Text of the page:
4 Questions To Ask When Shifting to Emotional Advertising
If done correctly, emotional advertising can be a very powerful way to differentiate your brand story in a category where product features are easily copied and commoditized. Before you decide to head down an emotional path in your marketing, though, consider these four questions:
- Is your product well-known? It's hard to say everything in your marketing, so if the primary thing you need to do is educate people on what your product does, then you may have to hold off on more emotional advertising in exchange for category or product education.
- What emotion is the right one for you? Should your ad be inspiring, funny, or sad? A misstep in tone could cost you a lot of wasted time and money. It's important to lay the groundwork for the brand so that your more emotional advertising comes across as real and organic.
- Can you leverage your customer stories? The best way to create emotional advertising that is relevant to your prospective customers is to tap into real stores and emotions from your current customers. Again, consider the marketing campaigns of Dove, Peloton, or the work that we did for OCCU.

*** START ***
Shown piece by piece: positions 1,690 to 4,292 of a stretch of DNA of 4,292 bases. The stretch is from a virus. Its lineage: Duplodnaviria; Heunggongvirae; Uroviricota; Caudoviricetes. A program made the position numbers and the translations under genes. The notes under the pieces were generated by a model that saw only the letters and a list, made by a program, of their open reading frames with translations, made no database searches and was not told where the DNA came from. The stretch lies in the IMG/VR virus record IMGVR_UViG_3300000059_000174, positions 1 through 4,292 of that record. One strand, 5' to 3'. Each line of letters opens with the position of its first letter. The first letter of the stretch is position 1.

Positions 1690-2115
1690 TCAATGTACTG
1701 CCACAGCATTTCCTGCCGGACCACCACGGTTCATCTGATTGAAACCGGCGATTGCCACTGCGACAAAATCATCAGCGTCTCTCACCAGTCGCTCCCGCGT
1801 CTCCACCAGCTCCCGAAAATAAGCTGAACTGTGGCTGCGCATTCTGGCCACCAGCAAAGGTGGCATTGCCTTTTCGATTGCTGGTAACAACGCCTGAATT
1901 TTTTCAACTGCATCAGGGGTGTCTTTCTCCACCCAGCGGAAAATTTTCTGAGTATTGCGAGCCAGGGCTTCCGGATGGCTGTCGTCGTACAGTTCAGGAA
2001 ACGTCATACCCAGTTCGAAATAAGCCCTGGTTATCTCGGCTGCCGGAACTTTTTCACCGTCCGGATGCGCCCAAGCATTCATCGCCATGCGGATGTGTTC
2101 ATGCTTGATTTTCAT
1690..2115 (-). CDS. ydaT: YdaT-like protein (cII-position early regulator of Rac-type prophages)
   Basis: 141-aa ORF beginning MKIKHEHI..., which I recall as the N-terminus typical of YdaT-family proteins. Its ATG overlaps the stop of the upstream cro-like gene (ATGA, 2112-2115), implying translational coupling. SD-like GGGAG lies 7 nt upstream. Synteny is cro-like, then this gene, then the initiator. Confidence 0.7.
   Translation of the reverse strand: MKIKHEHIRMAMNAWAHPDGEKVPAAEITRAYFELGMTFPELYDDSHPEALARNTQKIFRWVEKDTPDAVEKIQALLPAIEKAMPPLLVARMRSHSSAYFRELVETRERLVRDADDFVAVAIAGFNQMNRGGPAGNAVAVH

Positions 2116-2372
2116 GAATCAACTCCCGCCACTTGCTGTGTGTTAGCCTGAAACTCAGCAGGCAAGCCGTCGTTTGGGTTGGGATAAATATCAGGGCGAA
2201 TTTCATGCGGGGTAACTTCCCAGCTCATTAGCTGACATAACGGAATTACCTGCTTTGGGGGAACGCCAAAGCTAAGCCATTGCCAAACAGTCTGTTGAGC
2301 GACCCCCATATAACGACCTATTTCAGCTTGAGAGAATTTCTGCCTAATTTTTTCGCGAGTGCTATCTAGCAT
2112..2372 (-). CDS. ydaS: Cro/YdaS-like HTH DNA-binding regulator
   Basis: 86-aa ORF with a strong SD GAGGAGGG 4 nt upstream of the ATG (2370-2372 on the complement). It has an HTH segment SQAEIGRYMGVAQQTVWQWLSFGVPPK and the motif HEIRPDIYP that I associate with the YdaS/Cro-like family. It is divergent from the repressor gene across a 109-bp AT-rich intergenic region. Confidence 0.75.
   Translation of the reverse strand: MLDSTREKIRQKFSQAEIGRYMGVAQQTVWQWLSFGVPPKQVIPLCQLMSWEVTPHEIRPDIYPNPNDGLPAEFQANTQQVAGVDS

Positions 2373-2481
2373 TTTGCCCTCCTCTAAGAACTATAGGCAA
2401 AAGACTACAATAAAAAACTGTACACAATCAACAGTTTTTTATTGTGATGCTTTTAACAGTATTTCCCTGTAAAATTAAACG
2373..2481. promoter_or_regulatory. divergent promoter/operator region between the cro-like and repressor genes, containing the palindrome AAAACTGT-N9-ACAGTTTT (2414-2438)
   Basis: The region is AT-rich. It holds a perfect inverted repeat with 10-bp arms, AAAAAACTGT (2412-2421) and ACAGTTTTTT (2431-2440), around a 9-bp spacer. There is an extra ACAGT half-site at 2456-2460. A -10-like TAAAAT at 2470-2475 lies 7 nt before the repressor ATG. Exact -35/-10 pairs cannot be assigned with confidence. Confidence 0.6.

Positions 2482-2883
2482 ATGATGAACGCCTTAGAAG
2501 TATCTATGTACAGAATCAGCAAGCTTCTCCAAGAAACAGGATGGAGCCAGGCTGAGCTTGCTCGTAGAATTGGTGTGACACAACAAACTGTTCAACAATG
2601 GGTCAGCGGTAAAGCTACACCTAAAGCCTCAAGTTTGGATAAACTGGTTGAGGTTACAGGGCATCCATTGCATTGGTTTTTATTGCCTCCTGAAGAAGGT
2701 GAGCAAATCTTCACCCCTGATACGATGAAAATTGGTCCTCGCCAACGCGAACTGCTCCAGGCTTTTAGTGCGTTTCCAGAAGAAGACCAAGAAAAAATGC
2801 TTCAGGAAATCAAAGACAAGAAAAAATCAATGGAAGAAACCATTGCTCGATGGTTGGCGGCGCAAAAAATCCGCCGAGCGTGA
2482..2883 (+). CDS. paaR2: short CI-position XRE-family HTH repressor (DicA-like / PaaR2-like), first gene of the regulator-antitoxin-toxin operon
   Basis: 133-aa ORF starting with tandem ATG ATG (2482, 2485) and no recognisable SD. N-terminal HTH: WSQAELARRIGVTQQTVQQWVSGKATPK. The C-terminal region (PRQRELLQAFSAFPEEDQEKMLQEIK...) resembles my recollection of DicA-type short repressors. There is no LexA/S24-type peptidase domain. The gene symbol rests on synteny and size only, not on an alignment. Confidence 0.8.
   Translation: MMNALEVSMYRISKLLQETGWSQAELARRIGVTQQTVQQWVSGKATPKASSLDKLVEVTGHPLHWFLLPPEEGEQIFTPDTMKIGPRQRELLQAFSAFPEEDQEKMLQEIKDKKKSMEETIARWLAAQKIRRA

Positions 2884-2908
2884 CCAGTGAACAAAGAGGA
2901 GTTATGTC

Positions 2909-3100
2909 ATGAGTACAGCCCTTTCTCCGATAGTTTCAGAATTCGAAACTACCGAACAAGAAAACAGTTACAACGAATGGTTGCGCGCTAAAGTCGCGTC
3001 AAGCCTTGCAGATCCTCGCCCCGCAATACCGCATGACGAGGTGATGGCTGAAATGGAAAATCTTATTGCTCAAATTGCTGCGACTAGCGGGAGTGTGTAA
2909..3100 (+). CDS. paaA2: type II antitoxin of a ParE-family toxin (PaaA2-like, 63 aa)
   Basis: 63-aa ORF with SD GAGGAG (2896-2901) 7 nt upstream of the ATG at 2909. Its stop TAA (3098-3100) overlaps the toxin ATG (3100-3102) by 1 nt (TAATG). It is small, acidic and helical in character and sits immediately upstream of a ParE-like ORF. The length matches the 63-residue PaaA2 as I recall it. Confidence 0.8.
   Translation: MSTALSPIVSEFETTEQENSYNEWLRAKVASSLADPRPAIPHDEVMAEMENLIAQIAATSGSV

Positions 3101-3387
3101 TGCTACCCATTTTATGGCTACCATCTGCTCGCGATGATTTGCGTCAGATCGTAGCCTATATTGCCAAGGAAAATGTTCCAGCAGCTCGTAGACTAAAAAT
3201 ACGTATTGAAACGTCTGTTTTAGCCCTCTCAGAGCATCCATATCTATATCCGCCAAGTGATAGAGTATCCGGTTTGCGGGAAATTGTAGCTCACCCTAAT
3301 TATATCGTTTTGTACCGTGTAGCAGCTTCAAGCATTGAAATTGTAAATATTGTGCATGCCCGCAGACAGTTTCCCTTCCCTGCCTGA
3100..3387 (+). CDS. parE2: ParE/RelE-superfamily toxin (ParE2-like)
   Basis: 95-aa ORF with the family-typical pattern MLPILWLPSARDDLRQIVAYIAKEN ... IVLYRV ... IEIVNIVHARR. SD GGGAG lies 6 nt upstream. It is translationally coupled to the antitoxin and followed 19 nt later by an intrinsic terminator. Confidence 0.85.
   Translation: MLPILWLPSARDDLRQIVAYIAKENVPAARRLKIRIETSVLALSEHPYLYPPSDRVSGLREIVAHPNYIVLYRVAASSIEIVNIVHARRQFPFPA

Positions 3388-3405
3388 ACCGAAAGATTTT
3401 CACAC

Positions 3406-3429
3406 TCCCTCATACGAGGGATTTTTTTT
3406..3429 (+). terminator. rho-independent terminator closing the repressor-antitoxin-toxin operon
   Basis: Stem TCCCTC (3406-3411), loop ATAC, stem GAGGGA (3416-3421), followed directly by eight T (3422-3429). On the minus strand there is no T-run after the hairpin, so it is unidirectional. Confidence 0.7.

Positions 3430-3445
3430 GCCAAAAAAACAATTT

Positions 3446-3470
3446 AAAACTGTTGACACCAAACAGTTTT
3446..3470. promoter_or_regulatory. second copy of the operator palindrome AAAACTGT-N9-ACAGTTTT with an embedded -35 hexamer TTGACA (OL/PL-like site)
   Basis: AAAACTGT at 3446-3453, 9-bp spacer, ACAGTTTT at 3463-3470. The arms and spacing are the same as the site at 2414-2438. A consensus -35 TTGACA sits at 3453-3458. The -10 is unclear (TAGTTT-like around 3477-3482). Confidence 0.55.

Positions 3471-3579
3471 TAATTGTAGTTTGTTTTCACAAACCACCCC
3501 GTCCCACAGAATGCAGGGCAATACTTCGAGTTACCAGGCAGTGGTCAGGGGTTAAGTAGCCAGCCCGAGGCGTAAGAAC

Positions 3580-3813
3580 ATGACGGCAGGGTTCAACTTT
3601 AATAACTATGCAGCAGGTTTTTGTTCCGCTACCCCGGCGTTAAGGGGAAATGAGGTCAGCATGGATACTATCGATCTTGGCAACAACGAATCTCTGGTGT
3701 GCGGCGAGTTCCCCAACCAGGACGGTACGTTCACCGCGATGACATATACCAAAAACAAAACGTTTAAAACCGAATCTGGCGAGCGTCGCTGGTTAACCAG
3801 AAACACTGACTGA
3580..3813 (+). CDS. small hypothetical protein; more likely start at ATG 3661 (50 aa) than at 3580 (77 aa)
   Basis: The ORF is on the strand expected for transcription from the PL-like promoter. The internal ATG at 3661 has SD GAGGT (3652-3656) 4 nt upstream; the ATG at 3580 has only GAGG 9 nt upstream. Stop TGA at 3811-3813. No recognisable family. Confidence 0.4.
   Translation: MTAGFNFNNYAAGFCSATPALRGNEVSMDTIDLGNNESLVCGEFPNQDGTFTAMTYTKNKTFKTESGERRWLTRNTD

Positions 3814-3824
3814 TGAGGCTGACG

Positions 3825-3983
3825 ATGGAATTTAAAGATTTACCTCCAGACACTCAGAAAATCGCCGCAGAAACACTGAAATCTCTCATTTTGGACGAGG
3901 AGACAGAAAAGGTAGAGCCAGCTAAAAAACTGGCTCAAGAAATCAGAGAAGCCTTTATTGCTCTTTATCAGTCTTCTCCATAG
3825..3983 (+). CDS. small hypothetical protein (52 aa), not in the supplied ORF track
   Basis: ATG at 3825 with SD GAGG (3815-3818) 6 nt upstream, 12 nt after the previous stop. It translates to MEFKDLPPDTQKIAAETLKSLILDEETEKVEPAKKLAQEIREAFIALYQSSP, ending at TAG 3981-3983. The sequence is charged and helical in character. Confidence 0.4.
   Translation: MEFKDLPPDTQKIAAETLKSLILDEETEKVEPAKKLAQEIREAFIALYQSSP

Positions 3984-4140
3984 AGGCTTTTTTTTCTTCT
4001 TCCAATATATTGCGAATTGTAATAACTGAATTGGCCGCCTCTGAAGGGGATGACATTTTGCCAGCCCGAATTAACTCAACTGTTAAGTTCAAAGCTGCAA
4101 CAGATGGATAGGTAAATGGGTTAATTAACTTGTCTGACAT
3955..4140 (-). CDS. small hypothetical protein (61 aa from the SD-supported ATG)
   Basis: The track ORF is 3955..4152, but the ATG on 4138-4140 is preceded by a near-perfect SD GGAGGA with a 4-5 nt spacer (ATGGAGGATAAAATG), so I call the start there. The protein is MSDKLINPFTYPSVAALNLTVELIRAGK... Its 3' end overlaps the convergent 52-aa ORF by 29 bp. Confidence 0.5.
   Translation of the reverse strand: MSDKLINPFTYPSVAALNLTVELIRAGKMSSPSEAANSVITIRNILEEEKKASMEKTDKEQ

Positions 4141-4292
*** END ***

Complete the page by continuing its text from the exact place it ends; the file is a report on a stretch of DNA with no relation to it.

- Can you be consistent? If you're going to tell an emotional story, you have to be consistent in how you approach that messaging throughout all of your marketing channels. Does your marketing strategy ensure that your messaging carries the same tone in a credible and meaningful way that fits each platform?